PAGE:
Reverb Madness: Gibson Archtops
Unlike most of the stuff I trawl Reverb for — gear I appreciate aesthetically but don’t want to actually own — all I want for Xmas is an acoustic archtop guitar. I’m not too picky so long as it’s gorgeous and plays well. Thus begins my descent into anal-retention and hyperbole over elderly instruments that may have served their owners best by looking nice hung on the wall since the day they were finished, much less 70 years later.
Our first stop: Gibson.
I’m no expert but after looking at several dozen of the many models the company has produced over the decades, I’ve unwittingly zeroed in on two models as my favorite “pure” acoustic [no floating pickup jazz for either, thank you] and I suspect they’re the deluxe and standard versions of the same guitar: The L-5C/L-5P and the L-7C/L-7P [for Premier, which just meant cutaway from what I can tell; they dropped the conceit after the war and went with C for cutaway]. The L-5 is the top of the line for its 17″ body size, sporting an ebony fingerboard with block inlays, bound F-holes and a spiffy fingerboard pointy bit. A binding fillip, if you will. The L-7 has a rosewood board, parallelogram inlays and a less fancy tailpiece. Both are handsome guitars that almost always look like they would play like buttah, with the L-5 looking just a bit fancier. Here’s the L-5C/P:
And here is the L-7P/C:
As clean as the lines are on the L-5, nothing looks more amazing to my eye than the Johnny Smith signature model that Gibson put out in the early ’60s. [Except maybe the George Gobel model, but good luck finding one these days.] An acoustic with a floating pickup, the Smith is essentially and L-5 with a shallower body depth — a rare knock on the L-5 is that it is on the bulky side, unless you’re a Super 400 player — and rather Art Deco split-block fingerboard inlays. The Smith was available with one or two pickups; because I’m more of a twiddler than a player, I like two pickups more.
Here’s the one-pickup model, that somehow comes off as more Art Decoish than its sibling:
If the L-5 is bulky, you can probably guess what I think of the elephantine Super 400 model — but this particular axe is gorgeous. Once again with the two floating mini-humbuckers:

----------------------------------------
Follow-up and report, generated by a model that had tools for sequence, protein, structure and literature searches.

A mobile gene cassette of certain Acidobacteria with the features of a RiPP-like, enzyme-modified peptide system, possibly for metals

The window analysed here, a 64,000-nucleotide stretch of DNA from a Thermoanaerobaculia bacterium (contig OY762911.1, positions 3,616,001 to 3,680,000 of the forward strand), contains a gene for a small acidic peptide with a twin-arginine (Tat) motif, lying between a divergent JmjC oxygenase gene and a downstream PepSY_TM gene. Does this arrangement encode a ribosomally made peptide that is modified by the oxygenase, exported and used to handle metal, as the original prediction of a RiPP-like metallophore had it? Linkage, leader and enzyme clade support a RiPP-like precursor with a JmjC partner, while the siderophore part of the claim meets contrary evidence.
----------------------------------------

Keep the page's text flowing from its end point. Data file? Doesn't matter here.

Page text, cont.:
A dark horse candidate for winning my gear-addled heart is the L-50, a non-cutaway, less-expensive version of the L-5, sporting trapezoidal fret markers and occasionally the deepest, most lovely red I’ve ever seen on a guitar this side of the George Gobel model.
Speaking of Gobel, behold:
A Kalamazoo-era Gibson, the L-5CT George Gobel model is a rare bird, an L-5 that’s downscaled in size but certainly not in quality. A Venetian cutaway, thin-bodied [hence the T; most examples have 2 1/4″ to 2 3/8″ deep bodies] acoustic in a consistently stunning dark-cherry red finish — reportedly the first Gibson to be finished in that color — and a short-for-an-acoustic 24 3/4″ scale neck.
The Gobel has a carved-spruce top on curly maple sides, a maple three-piece neck with an ebony fretboard and pearl block markers, nine- to five-ply black/white binding and gold-plated hardware.
Forty-five Gobels were made from late 1958 to 1962, making it easily the rarest of all of Gibson’s signature models. According to Gibson’s catalogs from that time, a stock George Gobel L-5 CT retailed for $620, approximately $4700 in 2015 dollars. It’s completely out of my budget, but I would say that the model is worth the price.
Here’s Dean Martin toting the guitar out to Gobel for a duet. It’s the kind of guitar that demands you wear a suit to play it: